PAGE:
What turns governors on and off at panel interview

TES Connect asked its own panel of governors to share their thoughts and compile a list of golden rules and gaffes at interview. Here are their recommendations:

Do

  • Make eye contact with everyone in the room
  • Talk to each of the panel members at different points of the interview. “It’s normal for each of the governors to ask a question at some point and that’s a good chance to create a rapport with that particular panellist. You shouldn’t focus on the head governor to the exclusion of everyone else”.
  • Sell your vision. “We appointed a candidate without previous experience as head teacher over candidates who did. He really sold his ideas about where the school could go how he could take it there.
  • Prepare properly. “A candidate said they hadn’t had time to check on something. It didn’t make a good impression.
  • Let your personality show: the second set of panel interviews for short listed candidates will be about getting to know the person in more depth. Focus on communicating with everyone rather than getting the answers right.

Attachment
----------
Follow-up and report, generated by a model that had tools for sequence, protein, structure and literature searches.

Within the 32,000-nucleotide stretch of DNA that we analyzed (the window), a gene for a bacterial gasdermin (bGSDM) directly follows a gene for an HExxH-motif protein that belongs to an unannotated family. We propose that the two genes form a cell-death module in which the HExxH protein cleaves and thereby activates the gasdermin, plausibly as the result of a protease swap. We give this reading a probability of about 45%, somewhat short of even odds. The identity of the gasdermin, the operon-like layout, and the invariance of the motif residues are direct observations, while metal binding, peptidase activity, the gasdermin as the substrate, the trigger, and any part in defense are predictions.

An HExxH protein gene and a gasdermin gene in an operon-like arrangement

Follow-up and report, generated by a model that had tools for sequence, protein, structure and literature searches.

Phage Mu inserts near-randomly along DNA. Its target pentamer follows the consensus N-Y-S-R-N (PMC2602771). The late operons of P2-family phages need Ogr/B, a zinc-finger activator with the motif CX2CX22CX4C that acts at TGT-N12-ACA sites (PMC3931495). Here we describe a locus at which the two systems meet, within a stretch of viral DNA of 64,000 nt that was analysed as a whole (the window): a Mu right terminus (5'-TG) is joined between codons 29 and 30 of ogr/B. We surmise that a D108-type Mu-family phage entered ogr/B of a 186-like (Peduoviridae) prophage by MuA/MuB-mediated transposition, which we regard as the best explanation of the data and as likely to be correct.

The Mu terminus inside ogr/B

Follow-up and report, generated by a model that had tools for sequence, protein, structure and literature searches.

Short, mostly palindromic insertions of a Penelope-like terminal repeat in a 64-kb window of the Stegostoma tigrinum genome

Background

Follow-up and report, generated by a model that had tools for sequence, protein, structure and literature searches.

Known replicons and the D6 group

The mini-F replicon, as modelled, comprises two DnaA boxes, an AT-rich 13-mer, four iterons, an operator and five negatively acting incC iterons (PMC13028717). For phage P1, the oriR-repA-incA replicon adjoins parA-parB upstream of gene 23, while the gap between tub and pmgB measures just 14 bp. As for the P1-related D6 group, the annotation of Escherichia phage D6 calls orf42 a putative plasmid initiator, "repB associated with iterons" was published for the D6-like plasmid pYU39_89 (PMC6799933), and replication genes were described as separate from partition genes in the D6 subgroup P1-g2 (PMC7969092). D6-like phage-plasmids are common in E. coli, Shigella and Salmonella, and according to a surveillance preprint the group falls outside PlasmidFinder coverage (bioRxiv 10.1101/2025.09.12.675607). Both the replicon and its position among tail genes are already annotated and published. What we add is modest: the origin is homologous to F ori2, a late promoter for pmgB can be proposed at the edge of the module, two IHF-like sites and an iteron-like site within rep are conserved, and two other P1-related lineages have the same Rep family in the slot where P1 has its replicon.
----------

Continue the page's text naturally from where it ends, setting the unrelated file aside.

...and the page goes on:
• Do think carefully about your achievements: I had one teacher, coming for a deputy head post, who claimed that in getting a group of teachers to stay behind after school for an hour was her greatest achievement - what does that say of her ambitions or aspirations?

Don’t

  • Be over familiar. “I know it sounds old-fashioned but if someone lapses into Christian name terms without a specific invitation, it goes down like a lead balloon with the board of governors”.
  • Make assumptions about the school.  “We had a candidate who was from a school that was performing better in the league tables and then proceeded to make assumptions about our school’s intake. It didn’t go down well.
  •  Don’t give the impression that you’ve been there, done that and know what the school needs. You’re better off listening and asking questions about the school.
  • Be indifferent to the welfare of the pupils: This is an interview crime that is sometimes committed by managers rather than leaders. One candidate famously replied, when asked what they would do in a situation, ‘it’s not my job to talk to the students”.
  • Don’t waffle: If you say something in five minutes that can be said in 30 seconds, it’s not ten times better, it’s ten times worse.
  • If asked to do an initial presentation, don’t make it ‘messy’ or ‘bizzy’. Have a clear and concise view on what message you are trying to get across.  Do not attempt to cram too much into the presentation that leaves you no time to develop a point.  Do not just read - that does not indicate knowledge or confidence.

With thanks to Martin Nicholson, chair of governors at Danetre School, Daventry; Adrienne Taylor, chair of governors at Greenbank County Primary School, Liverpool and Chris Hallows, chair of governors at Blue Coat School, Liverpool.

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